Tom Mitchell wins more than Brodie Grundy for Collingwood Magpies, Kysaiah Pickett’s timing is bad

The introduction of Mitchell and Bobby Hill was crucial and changed the way Collingwood played. Dan McStay didn’t do much, but his presence may have helped create space and opportunity for others. He looked like a gambler contemplating where to spend most of the night.

The Demons' Brodie Grundy and the Bulldogs' Rory Lobb go head-to-head in round one.

The Demons’ Brodie Grundy and the Bulldogs’ Rory Lobb go head-to-head in round one. Credit:Getty

Jack Ginnivan gave up his place on the team through his own silliness. Hill’s performance ensured that Ginnivan did not automatically return after the suspension. Hill added another bite to Collingwood, not only in attack, where he scored three goals, but with a deep transition run. He looks like a player enjoying the big stage. On Friday night he played in front of 86,000 people. On Sunday, his old team played ahead of a tenth in the Giants-Crows match with just 8169.

Introducing ‘Grawndy’

Aside from that, Brodie Grundy also improves the look of Melbourne, whose victory over the Bulldogs was the most ominous warning for the rest of the competition.

Grundy’s numbers did not reflect his effectiveness. He had a hand in seven points, tunneled a deft ball to Ed Langdon on the border in the pocket for a goal and started one himself.

He only played 69 percent of the game, which is a change for a player who usually enjoys using his stamina to wear out opponents. He also only took one mark, which is worrying since tagging has never been his forte: his career average is just 3.5 points per game. As a second ruck and forward, he needs to be more menacing in the air.

And yet there was no doubt that he allowed Max Gawn to go forward more often, where the Melbourne skipper was just as dangerous as any forward on the ground. Gawn hit the scoreboard and stretched the Bulldogs, and that was because Grundy made it possible.

This was a Melbourne side without Steven May, Jack Viney, Bailey Fritsch and Christian Salem. Again, the sample size is small, but the signals for the season are there.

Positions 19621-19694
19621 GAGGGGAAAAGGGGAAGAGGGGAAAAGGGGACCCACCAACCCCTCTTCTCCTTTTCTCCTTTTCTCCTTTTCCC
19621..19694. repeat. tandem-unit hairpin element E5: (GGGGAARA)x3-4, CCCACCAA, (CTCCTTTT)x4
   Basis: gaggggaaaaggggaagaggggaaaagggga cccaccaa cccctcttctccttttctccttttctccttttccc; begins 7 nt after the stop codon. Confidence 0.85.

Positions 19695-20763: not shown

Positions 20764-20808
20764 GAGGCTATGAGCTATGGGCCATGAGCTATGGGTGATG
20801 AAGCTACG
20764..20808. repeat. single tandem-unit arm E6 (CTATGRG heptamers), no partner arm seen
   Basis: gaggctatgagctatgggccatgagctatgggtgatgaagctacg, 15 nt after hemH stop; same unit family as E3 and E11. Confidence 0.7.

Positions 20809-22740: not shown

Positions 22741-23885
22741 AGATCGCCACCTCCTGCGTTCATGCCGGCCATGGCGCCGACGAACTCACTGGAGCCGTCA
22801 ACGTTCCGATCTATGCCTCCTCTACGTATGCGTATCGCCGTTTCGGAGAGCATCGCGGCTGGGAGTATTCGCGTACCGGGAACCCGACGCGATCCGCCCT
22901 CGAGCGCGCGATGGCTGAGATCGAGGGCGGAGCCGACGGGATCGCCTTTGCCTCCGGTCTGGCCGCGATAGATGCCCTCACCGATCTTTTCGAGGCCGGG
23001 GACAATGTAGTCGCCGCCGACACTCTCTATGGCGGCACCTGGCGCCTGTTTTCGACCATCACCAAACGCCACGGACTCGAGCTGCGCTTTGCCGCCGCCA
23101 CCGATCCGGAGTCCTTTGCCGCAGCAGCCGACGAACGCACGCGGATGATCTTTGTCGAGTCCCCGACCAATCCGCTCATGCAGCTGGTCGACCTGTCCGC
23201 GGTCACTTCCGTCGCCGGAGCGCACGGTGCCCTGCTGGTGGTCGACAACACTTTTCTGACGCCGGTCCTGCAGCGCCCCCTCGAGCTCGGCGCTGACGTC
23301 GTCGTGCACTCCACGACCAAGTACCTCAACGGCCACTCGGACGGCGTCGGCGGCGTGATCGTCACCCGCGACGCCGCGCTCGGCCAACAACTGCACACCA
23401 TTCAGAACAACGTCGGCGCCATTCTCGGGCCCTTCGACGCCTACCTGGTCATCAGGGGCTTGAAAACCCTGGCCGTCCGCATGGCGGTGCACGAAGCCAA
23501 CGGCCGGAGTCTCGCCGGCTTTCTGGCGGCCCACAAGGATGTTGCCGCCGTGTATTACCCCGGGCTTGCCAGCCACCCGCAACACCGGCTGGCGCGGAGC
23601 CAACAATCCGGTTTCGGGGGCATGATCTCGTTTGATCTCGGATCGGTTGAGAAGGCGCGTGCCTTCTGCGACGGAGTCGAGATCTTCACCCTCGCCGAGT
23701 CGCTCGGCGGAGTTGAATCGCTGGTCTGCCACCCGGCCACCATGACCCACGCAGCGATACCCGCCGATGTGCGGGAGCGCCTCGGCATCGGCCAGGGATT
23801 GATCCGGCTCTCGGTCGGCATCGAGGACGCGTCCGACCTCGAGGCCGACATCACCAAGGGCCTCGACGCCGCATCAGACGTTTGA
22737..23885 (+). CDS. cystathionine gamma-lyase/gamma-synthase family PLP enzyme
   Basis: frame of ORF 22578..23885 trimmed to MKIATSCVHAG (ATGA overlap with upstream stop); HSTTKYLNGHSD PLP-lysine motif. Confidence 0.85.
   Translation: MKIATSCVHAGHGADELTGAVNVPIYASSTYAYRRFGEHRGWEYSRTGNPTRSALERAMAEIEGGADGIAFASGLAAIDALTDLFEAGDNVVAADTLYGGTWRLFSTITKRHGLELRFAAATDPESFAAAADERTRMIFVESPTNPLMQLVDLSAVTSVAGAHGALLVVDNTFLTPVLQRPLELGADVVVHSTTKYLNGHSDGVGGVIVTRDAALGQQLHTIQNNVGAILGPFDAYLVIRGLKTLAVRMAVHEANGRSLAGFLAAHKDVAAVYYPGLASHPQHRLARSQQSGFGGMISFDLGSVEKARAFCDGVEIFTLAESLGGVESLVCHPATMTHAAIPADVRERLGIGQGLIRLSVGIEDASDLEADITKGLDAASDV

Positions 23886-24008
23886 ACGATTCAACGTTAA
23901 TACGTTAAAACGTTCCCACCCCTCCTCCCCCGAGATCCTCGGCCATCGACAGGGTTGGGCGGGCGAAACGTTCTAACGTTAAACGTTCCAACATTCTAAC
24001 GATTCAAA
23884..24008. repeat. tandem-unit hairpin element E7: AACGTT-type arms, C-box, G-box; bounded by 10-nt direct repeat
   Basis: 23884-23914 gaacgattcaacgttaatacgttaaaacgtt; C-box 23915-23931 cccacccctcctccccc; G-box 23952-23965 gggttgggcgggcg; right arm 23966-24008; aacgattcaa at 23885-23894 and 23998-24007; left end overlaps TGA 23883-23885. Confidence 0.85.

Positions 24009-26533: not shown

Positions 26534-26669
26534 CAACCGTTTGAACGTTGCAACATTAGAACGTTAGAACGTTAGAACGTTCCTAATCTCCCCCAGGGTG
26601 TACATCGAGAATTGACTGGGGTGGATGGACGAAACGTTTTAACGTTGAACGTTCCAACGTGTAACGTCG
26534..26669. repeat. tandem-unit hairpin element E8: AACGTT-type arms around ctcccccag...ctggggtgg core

Is MRO daunting enough?

Kysaiah Pickett’s timing was terrible. Except for the fact that he was late shooting shoulder first in Bailey Smith’s chest and head. His timing – and that of Buddy Franklin and Shane McAdam with their bumps – came after a week, as the first of the long-threatening concussion class-action lawsuits was initiated.

You cannot separate the two problems.

The rating system has predicted penalties for Pickett (two games) and Franklin (one), but the specter of trials and further litigation looms over all football decisions and must make us reconsider the size of the penalties and the deterrent effect.

Are suspensions for one or two games sufficient in potentially serious injury incidents? Smith got up immediately, but ongoing concussion studies suggest the potential for serious injury from high-impact collisions is high.


In isolation, neither incident appears to merit a multi-game ban. But in the context of the game’s existential threat, the question is whether the penalties are enough.

Wright timing for Weideman

Peter Wright’s injury layoff for at least half the season creates the solid stretch of games that could be the pick-me-up for ex-demon Sam Weideman. A rim striker throughout his career, his rejuvenation continued at a new club with a couple of goals in a quarter and he seemed to be growing in confidence. A set of games can only help. Tom Mitchell wins more than Brodie Grundy for Collingwood Magpies, Kysaiah Pickett’s timing is bad

Ryan Sederquist

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